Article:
Siemens' cyber chief says firms shouldn't shy away from talking about race or politics as they work to improve diversity

Siemens' cyber chief says firms shouldn't shy away from talking about race or politics as they work to improve diversity

February 12, 2021
  • Women and people of color are starkly underrepresented in the cybersecurity industry.
  • Changing that will require cyber firms to step up, Siemens CCO Kurt John told Insider.
  • John said improving diversity will hinge on rethinking recruitment practices and workplace culture.
  • Visit the Business section of Insider for more stories.

Cybersecurity has a diversity problem.

Like the broader tech industry, the security field is overwhelmingly white and male. People of color represented only 26% of the cybersecurity workforce as of 2017, according to a report by the cyber consortium ISC2, and in 2019 only 20% of cybersecurity employees were women, according to Cybersecurity Ventures.

Diversity won’t improve without a direct investment from cyber firms, according to Siemens chief cybersecurity officer Kurt John, but more a diverse workforce will direct benefit both the industry overall and cybersecurity companies’ individual outcomes. 

John’s always been “hyper-aware” as a Black cybersecurity professional that the field lacked diversity.

“I didn’t see a whole lot of people that look like me,” he told Insider. 

During his career as a penetration tester — an engineer who probes companies’ cyber defenses for weaknesses and later as an executive, John also saw how a lack of diversity hampered cybersecurity teams’ abilities to think outside the box or approach problems from all angles.

In a field that often requires fast-paced, creative problem solving and investigative skills, he believes having cognitive diversity is crucial to high performance.

“Your physical attributes are a collection of variables that influence the way you think, because that impacts how you experience life,” he said. “If you throw all those people together in a non-homogeneous team, what happens is magic.”

Improving diversity will hinge on forming talent pipelines to train and hire early-career professionals from underrepresented backgrounds, John said, as well as making sure internal culture supports diverse employees, including through open dialogue about inequities.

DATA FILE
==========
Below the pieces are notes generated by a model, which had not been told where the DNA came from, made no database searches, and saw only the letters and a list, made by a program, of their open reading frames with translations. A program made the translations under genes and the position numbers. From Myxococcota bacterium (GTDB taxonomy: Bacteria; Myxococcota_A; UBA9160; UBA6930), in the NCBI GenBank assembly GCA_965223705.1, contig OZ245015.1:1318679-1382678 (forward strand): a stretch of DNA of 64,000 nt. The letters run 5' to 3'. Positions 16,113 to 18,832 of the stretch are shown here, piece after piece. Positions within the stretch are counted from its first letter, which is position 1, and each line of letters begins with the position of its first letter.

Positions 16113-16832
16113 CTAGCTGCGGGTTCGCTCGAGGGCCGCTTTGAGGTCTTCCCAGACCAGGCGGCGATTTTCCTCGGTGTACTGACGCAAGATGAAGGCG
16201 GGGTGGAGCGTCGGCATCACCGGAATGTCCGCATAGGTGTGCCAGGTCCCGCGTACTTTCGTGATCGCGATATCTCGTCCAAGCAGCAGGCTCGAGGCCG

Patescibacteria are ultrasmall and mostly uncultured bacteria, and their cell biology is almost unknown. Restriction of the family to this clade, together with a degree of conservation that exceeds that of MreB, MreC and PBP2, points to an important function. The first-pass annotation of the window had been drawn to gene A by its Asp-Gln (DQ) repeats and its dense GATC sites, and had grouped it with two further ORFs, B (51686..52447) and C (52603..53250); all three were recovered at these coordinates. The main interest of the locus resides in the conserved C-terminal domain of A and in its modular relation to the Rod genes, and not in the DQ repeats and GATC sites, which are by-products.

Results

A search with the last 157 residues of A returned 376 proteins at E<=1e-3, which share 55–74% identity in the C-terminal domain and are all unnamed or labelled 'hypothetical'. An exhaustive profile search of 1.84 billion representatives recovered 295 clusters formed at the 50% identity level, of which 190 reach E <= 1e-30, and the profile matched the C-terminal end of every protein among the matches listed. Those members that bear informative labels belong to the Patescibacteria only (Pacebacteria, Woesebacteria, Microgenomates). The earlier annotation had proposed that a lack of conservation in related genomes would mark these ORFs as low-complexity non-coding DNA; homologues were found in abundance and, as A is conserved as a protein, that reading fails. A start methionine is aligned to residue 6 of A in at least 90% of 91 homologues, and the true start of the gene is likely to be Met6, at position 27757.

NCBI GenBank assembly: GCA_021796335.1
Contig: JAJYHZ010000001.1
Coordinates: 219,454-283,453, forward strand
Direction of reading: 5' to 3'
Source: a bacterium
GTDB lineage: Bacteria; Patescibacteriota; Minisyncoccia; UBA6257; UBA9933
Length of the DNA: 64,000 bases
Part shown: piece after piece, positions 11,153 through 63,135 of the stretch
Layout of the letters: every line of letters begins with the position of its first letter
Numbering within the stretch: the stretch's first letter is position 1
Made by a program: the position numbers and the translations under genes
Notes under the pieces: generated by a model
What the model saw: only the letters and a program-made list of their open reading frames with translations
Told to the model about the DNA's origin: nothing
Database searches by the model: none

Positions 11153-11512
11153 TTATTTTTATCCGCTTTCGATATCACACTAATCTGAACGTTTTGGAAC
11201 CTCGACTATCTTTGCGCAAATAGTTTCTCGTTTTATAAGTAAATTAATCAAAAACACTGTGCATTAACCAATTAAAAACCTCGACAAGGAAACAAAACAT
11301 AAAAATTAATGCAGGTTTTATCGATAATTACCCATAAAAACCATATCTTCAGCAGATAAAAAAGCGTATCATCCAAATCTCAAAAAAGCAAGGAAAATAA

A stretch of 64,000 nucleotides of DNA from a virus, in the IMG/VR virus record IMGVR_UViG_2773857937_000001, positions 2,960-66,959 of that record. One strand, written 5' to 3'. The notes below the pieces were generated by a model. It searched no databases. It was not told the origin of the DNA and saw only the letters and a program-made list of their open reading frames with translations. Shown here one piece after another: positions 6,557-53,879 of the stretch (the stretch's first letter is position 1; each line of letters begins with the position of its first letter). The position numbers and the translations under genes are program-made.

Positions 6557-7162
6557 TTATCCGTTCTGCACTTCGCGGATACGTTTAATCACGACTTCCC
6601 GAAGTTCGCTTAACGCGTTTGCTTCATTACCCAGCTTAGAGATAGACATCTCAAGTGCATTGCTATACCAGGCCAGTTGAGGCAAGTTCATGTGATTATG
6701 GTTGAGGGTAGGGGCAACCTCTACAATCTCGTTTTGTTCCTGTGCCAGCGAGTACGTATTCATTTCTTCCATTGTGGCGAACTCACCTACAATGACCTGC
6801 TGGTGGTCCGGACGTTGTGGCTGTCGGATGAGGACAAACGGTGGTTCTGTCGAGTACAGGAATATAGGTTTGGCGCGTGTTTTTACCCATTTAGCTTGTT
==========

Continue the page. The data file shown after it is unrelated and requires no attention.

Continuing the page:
As the leader of Siemens’ worldwide cybersecurity operations — overseeing roughly 1,300 security professionals — he has spearheaded efforts to mobilize the company’s employee resource groups to help recruit talent from institutions like historically black colleges and universities.

He also touted diversity-focused contributions from Siemens Foundation, the company’s nonprofit arm, which have subsidized engineering training and internships for people from backgrounds underrepresented in tech, including women, people of color, and those with disabilities.

The effort converges with a broader talent gap facing the cybersecurity industry: There are roughly 350,000 open jobs in the field with firms struggling to find candidates to hire. John sees this gap as an opportunity to roll out robust diversity initiatives as part of the effort to fill open roles.

Efforts to improve diversity are often held back by extremely strict hiring requirements at top firms, especially for technical roles. Google faced backlash in recent months when a Black recruiter said she was fired after raising concerns about how Google more harshly judged candidates that weren’t from a handful of elite universities. (Separately, Google recently reached a settlement with the Department of Labor over allegations of pay and hiring discrimination).

John said recruiters and hiring managers should abandon strict numerical requirements for job candidates like GPA or a perfect score on a technical exam, which may unintentionally filter out candidates from underrepresented backgrounds, in favor of a more holistic evaluation. 

“For technical [skills], I can send you to a class for that. But what’s harder to do is to find someone who integrates well into a culture, who can benefit from that culture, and, who can help truly make the workforce more diverse,” he said. 

Pipelines alone aren’t enough

Aggressively recruiting more women and people of color can’t be the only step firms take to secure diversity and inclusion, John said: They also have to commit resources to retain and support a diverse workforce. 

Some tech companies have attempted to lock down internal discussions surrounding hot-button issues like racism or politics. Facebook warned employees last year to tone down political discussions on internal forums, and Google issued a similar warning to workers the year prior. More recently, Coinbase CEO Brian Armstrong drew backlash from some employees (and praise from others) when he published a memo last year asking his staff not to “engage” in talks about “broader societal issues” at work.

John advocates for the opposite approach: He says he’s grateful to have participated in a series of talks at Siemens internally dubbed “courageous conversations” meant to serve as a forum for hard discussions around issues of diversity and inclusion.

“Those uncomfortable conversations, I think more companies should be having them because [otherwise] it’s not going anywhere,” he said. “While a little bit scary, they’re absolutely necessary.”

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